• Share
  • Read Later

(4 of 11)

"Prosecutions are lengthy, expensive and often pointless."

In San Francisco, which just may be the porn capital of America, prosecutors have simply given up. Three years ago, local judges pressured the district attorney into dropping hundreds of obscenity cases in a single day because they were cluttering court calendars and impeding more important cases. Observers cannot recall a single obscenity conviction since 1971. Attorney Peter Keane, whose once flourishing business in obscenity defenses has now dried up, believes not even as foul a film as Animal Lover would nowadays be judged obscene by a San Francisco jury.

Atlanta police have been unable to padlock a single porn palace in years. Recently they raided a downtown theater, seized the film and arrested the projectionist, who before he was led away proceeded to give angry customers tickets to another showing scheduled for later that day. He was released on bond and back at work for the screening. His arrest was a study in double futility, for in Atlanta, as in other cities, the police find it impossible to penetrate the maze of legal fronts and find the identity of the true owners.

Boston's officially approved "combat zone" in the Washington Street area is designed to contain the spread of "adult" entertainment, but the city also has a conservative district attorney and an activist vice squad. In the past several months police raided every porn moviehouse and bookstore within the combat zone. In one shop they ripped out the minimovie machines, carting them off as evidence. "The cops want to show they're there," said Attorney Morris Goldings, Boston's leading obscenity lawyer, who acquired some 15 new clients in the crackdown. "Every guy knows that one day he is going to be hit." But once busted, few ever suffer conviction. So they thrive.

Currently, the Federal Government is bringing some 85 obscenity cases. They include a series of showcase trials in Memphis, in the heart of the anti-porn Bible Belt. Leading the fight is Assistant U.S. Attorney Larry Parrish, 32, father of three and an elder in the First Evangelical Church. Last October Parrish won the conviction of a Memphis distributor and a Los Angeles producer of hard-core films. Since then, Parrish's score has been five obscenity convictions and two acquittals. Now he has the producers, distributors and local exhibitors of Deep Throat on trial, along with Harry Reems. Seven other cases are pending, including one involving the movie The Devil in Miss Jones and its horizontal heroine Georgina Spelvin. The Justice Department says it is carefully watching the trials in order to gauge community reaction.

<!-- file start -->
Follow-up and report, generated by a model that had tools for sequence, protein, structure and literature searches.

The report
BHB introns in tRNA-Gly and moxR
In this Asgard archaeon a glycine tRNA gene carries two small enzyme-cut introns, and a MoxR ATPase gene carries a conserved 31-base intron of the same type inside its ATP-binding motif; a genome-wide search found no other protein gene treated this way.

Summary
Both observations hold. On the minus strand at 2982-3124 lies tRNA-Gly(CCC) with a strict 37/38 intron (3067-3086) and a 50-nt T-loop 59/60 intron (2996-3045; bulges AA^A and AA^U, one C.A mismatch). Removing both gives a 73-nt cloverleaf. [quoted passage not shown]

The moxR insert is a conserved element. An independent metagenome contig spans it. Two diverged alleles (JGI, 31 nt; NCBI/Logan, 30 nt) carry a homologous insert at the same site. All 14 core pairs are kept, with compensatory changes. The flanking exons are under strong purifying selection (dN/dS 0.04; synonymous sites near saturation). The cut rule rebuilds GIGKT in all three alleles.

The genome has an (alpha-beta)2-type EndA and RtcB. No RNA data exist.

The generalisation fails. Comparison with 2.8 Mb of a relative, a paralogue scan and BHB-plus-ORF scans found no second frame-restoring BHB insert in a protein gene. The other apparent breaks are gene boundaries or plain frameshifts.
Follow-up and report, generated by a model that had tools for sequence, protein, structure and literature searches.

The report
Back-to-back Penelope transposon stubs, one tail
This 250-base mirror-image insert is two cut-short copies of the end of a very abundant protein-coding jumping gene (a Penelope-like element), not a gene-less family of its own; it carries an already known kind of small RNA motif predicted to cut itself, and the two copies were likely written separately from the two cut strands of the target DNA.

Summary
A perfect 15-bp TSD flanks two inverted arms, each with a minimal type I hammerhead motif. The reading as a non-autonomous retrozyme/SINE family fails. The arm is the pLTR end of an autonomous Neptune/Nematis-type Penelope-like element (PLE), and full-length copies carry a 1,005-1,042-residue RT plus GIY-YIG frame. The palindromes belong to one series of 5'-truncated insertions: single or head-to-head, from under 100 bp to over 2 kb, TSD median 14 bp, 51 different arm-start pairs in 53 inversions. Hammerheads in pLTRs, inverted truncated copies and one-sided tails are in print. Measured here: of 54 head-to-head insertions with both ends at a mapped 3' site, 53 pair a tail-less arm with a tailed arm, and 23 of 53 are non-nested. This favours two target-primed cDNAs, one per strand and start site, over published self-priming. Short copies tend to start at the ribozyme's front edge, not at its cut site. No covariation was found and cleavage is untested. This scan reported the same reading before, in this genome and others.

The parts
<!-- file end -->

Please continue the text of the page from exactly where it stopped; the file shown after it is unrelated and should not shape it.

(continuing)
So is the porn industry, a loose, sprawling congeries of businesses, roughly divisible into the old porn (peepshow films, sleazy photo magazines and porn paperbacks, mostly produced and distributed by organized crime) and the new porn (theater films, glossy men's and women's magazines and sex newspapers, most of which grew out of the youth culture of the '60s, and are still independent of organized crime). The industry's products are generally separated into what the trade and its public consider hardcore or soft-core porn. The distinction is not always easy to draw, but in hardcore, sex acts are explicitly shown.

The new porn entrepreneurs offer case

  1. 1
  2. 2
  3. 3
  4. 4
  5. 5
  6. 6
  7. 7
  8. 8
  9. 9
  10. 10
  11. 11